17. Nuclear AXIN2 represses MYC gene expression

    SciTech Connect

    Rennoll, Sherri A.; Konsavage, Wesley M.; Yochum, Gregory S.

    2014-01-03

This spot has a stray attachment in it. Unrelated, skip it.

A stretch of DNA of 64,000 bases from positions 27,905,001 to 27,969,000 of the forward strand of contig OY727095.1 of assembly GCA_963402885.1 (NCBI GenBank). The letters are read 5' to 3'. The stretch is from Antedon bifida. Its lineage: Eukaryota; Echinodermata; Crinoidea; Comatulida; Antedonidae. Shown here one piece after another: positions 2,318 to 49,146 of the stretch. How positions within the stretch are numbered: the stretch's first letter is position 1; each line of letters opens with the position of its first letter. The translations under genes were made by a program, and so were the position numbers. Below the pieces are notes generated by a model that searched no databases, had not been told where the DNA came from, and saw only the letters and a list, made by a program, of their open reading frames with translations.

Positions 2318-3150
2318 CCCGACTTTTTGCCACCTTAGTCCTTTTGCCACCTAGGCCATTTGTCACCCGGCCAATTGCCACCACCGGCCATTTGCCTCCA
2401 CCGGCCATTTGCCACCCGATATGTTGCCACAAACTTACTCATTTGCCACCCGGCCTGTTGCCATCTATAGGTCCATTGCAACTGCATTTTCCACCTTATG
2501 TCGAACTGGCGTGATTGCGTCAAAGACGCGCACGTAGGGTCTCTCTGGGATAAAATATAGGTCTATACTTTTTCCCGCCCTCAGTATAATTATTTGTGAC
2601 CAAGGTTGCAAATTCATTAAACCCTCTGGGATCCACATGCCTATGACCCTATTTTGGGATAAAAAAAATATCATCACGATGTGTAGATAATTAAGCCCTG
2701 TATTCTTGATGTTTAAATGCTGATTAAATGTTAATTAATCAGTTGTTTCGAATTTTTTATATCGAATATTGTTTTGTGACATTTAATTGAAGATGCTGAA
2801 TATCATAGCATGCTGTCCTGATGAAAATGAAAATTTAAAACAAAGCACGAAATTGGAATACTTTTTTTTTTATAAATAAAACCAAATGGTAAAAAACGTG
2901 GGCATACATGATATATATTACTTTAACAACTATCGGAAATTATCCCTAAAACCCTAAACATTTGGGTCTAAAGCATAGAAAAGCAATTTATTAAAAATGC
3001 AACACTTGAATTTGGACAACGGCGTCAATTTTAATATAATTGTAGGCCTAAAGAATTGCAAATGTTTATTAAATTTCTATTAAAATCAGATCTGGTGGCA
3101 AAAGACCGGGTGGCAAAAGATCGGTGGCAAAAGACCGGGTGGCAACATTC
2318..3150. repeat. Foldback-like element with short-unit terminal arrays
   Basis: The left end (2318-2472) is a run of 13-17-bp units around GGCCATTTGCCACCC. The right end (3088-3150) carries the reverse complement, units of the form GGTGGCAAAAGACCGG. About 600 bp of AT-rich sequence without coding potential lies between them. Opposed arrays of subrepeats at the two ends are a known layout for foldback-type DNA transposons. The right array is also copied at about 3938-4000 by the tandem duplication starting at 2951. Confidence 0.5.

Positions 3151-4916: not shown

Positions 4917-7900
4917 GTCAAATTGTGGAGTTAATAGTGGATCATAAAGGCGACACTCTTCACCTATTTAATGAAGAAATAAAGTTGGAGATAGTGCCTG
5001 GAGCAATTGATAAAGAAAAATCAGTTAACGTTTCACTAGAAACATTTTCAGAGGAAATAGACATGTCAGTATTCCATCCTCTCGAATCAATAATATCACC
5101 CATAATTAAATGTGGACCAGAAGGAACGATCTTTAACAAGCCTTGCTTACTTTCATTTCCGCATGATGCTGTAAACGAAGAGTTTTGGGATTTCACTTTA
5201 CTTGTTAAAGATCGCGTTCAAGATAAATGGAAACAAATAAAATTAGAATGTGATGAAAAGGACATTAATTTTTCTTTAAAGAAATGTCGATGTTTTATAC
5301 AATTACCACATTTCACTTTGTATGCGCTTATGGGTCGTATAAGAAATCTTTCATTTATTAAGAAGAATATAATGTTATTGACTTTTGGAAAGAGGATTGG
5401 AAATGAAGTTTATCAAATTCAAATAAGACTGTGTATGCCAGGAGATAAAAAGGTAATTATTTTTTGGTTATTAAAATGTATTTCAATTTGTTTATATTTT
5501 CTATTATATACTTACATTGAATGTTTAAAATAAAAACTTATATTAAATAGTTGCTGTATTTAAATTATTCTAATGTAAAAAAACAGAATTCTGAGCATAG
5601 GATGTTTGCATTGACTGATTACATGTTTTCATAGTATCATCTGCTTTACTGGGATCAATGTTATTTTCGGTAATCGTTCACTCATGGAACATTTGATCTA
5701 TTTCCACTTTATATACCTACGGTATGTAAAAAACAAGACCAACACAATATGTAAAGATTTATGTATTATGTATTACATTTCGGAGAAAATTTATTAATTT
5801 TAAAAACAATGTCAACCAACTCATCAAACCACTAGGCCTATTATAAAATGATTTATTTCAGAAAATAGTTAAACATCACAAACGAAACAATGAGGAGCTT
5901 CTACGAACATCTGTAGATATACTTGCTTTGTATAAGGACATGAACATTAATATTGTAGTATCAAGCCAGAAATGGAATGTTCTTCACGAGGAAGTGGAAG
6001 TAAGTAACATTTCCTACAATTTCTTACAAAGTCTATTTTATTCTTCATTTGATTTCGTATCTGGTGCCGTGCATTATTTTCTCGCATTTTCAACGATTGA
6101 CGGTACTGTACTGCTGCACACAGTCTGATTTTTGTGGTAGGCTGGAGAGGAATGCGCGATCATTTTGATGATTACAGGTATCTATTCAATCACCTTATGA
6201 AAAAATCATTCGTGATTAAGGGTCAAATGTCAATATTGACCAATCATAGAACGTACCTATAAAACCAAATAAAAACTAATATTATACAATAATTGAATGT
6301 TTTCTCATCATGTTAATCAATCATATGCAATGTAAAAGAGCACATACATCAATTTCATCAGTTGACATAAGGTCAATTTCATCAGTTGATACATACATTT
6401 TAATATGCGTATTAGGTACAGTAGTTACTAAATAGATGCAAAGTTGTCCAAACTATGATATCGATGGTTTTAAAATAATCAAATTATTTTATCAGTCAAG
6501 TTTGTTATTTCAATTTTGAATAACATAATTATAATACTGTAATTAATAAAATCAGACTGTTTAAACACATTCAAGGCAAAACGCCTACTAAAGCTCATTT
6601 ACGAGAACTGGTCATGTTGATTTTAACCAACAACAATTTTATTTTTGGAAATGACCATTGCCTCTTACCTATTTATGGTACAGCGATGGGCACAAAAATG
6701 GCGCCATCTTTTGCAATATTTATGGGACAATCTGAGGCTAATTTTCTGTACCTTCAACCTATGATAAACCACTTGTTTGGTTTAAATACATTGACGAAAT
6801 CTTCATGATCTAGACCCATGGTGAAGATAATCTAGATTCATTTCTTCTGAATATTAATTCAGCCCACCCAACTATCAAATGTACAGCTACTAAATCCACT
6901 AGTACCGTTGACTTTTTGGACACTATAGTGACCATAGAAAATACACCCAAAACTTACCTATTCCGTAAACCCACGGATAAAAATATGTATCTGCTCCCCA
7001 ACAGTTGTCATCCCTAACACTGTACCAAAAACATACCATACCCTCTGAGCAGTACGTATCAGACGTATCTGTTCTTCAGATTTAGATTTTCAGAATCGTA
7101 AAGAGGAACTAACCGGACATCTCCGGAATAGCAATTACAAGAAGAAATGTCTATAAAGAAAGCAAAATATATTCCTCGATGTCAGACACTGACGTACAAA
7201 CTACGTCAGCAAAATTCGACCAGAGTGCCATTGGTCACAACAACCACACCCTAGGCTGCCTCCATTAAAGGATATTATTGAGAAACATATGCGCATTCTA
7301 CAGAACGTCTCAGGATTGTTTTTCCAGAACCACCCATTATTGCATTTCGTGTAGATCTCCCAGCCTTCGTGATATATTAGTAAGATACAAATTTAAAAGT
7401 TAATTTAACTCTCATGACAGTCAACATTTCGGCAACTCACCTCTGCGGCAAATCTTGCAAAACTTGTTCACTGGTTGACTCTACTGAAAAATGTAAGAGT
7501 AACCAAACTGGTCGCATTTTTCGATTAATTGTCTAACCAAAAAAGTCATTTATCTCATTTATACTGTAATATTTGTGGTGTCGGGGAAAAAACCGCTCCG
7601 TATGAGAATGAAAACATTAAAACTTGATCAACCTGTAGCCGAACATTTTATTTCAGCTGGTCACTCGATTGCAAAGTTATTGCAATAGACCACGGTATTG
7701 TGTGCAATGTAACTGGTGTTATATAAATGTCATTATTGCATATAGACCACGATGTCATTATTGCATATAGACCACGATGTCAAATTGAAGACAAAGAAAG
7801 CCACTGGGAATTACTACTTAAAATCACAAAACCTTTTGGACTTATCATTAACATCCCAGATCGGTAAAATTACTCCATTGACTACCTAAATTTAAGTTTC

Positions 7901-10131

Highlights: •AXIN2 localizes to cytoplasmic and nuclear compartments in colorectal cancer cells. •Nuclear AXIN2 represses the activity of Wnt-responsive luciferase reporters. •β-Catenin bridges AXIN2 to TCF transcription factors. •AXIN2 binds the MYC promoter and represses MYC gene expression. -- Abstract: The β-catenin transcriptional coactivator is the key mediator of the canonical Wnt signaling pathway. In the absence of Wnt, β-catenin associates with a cytosolic and multi-protein destruction complex where it is phosphorylated and targeted for proteasomal degradation. In the presence of Wnt, the destruction complex is inactivated and β-catenin translocates into the nucleus. In the nucleus, β-catenin binds T-cell factor (TCF) transcription factors to activate expression of c-MYC (MYC) and Axis inhibition protein 2 (AXIN2). AXIN2 is a member of the destruction complex and, thus, serves in a negative feedback loop to control Wnt/β-catenin signaling. AXIN2 is also present in the nucleus, but its function within this compartment is unknown. Here, we demonstrate that AXIN2 localizes to the nuclei of epithelial cells within normal and colonic tumor tissues as well as colorectal cancer cell lines. In the nucleus, AXIN2 represses expression of Wnt/β-catenin-responsive luciferase reporters and forms a complex with β-catenin and TCF. We demonstrate that AXIN2 co-occupies β-catenin/TCF complexes at the MYC promoter region. When constitutively localized to the nucleus, AXIN2 alters the chromatin structure at the MYC promoter and directly represses MYC gene expression. These findings suggest that nuclear AXIN2 functions as a rheostat to control MYC expression in response to Wnt/β-catenin signaling.